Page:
Purchase this article with an account.
Nina C. B. B. Taarnhøj, Michael Larsen, Birgit Sander, Kirsten O. Kyvik, Line Kessel, Jesper L. Hougaard, Thorkild I. A. Sørensen; Heritability of Retinal Vessel Diameters and Blood Pressure: A Twin Study. Invest. Ophthalmol. Vis. Sci. 2006;47(8):3539-3544. doi: 10.1167/iovs.05-1372.
Download citation file:
© ARVO (1962-2015); The Authors (2016-present)
purpose. To assess the relative influence of genetic and environmental effects on retinal vessel diameters and blood pressure in healthy adults, as well as the possible genetic connection between these two characteristics.
methods. In 55 monozygotic and 50 dizygotic same-sex healthy twin pairs, aged 20 to 46 years, interpolated diameter estimates for the central retinal artery (CRAE), the central retinal vein (CRVE), and the artery-to-vein diameter ratio (AVR) were assessed by analysis of digital gray-scale fundus photographs of right eyes.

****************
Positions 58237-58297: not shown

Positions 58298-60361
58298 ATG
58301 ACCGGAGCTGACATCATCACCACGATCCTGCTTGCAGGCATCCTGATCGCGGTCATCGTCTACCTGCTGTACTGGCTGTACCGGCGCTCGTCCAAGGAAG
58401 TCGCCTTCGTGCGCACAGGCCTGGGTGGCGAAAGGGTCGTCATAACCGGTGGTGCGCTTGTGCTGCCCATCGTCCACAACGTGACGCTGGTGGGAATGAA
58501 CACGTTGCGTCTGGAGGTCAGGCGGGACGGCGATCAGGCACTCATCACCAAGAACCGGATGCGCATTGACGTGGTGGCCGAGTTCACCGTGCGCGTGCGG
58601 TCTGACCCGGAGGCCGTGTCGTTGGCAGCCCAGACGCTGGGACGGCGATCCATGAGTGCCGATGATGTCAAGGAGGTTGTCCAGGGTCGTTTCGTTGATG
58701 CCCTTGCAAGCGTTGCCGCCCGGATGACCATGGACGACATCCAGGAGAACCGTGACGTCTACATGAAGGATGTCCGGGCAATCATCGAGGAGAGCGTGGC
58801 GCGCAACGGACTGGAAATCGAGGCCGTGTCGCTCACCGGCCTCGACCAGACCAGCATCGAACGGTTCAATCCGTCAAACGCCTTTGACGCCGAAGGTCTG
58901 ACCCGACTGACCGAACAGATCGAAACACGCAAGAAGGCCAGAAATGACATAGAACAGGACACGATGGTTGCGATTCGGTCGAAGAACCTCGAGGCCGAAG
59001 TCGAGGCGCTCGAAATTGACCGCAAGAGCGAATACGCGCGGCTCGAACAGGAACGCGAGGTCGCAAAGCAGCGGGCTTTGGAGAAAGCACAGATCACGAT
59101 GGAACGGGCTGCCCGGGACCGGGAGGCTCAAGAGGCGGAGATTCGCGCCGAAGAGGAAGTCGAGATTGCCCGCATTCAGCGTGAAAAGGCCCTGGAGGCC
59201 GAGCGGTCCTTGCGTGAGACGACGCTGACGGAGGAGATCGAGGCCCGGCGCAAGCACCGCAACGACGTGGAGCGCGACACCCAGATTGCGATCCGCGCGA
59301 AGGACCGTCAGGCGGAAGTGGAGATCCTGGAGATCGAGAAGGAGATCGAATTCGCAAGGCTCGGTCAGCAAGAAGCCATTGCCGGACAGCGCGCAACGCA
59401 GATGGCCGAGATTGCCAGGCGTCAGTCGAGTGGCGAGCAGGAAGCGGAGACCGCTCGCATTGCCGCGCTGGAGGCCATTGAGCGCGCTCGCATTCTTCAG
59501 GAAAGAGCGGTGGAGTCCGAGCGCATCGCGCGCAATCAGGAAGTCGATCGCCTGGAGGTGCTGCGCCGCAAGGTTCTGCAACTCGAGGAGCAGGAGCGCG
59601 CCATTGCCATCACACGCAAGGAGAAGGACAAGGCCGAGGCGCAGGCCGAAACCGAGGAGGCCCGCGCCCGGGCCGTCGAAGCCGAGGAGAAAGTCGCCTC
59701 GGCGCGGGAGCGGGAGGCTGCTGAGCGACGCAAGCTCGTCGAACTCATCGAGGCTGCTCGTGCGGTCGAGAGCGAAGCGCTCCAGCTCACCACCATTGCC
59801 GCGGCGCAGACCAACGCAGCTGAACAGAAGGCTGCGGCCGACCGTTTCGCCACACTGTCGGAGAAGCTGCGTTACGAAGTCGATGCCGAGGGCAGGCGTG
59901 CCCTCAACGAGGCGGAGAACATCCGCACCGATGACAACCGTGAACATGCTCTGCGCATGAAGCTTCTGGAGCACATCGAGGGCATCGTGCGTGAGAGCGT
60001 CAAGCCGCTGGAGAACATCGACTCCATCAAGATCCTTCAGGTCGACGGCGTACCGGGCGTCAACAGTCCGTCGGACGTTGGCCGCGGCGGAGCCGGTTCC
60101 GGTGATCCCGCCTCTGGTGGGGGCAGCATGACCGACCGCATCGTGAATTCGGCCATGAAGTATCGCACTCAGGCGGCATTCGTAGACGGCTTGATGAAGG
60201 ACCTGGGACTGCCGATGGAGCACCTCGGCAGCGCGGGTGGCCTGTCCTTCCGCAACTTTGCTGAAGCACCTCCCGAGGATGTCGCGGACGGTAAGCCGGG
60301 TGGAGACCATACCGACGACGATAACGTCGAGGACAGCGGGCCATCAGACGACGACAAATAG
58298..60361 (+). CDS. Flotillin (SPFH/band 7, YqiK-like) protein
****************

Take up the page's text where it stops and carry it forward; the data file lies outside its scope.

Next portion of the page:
results. The heritability was 70% (95% CI: 54%–80%) for CRAE, 83% (95% CI: 73%–89%) for CRVE, and 61% (95% CI: 44%–73%) for mean arterial blood pressure (MABP). Retinal artery diameter decreased with increasing age and increasing arterial blood pressure. Mean vessel diameters in the population were 165.8 ± 14.9 μm for CRAE, 246.2 ± 17.7 μm for CRVE, and 0.67 ± 0.05 μm for AVR. No significant influence on artery or vein diameters was found for gender, smoking, body mass index (BMI), total cholesterol, fasting blood glucose, or 2-hour oral glucose tolerance test values.
conclusions. In healthy young adults with normal blood pressure and blood glucose, variations in retinal blood vessel diameters and blood pressure were predominantly attributable to genetic effects. A genetic influence may have a role in individual susceptibility to hypertension and other vascular diseases. The results suggest that retinal vessel diameters and the possible associated variations in risk of vascular disease are primarily genetic characteristics.
This PDF is available to Subscribers Only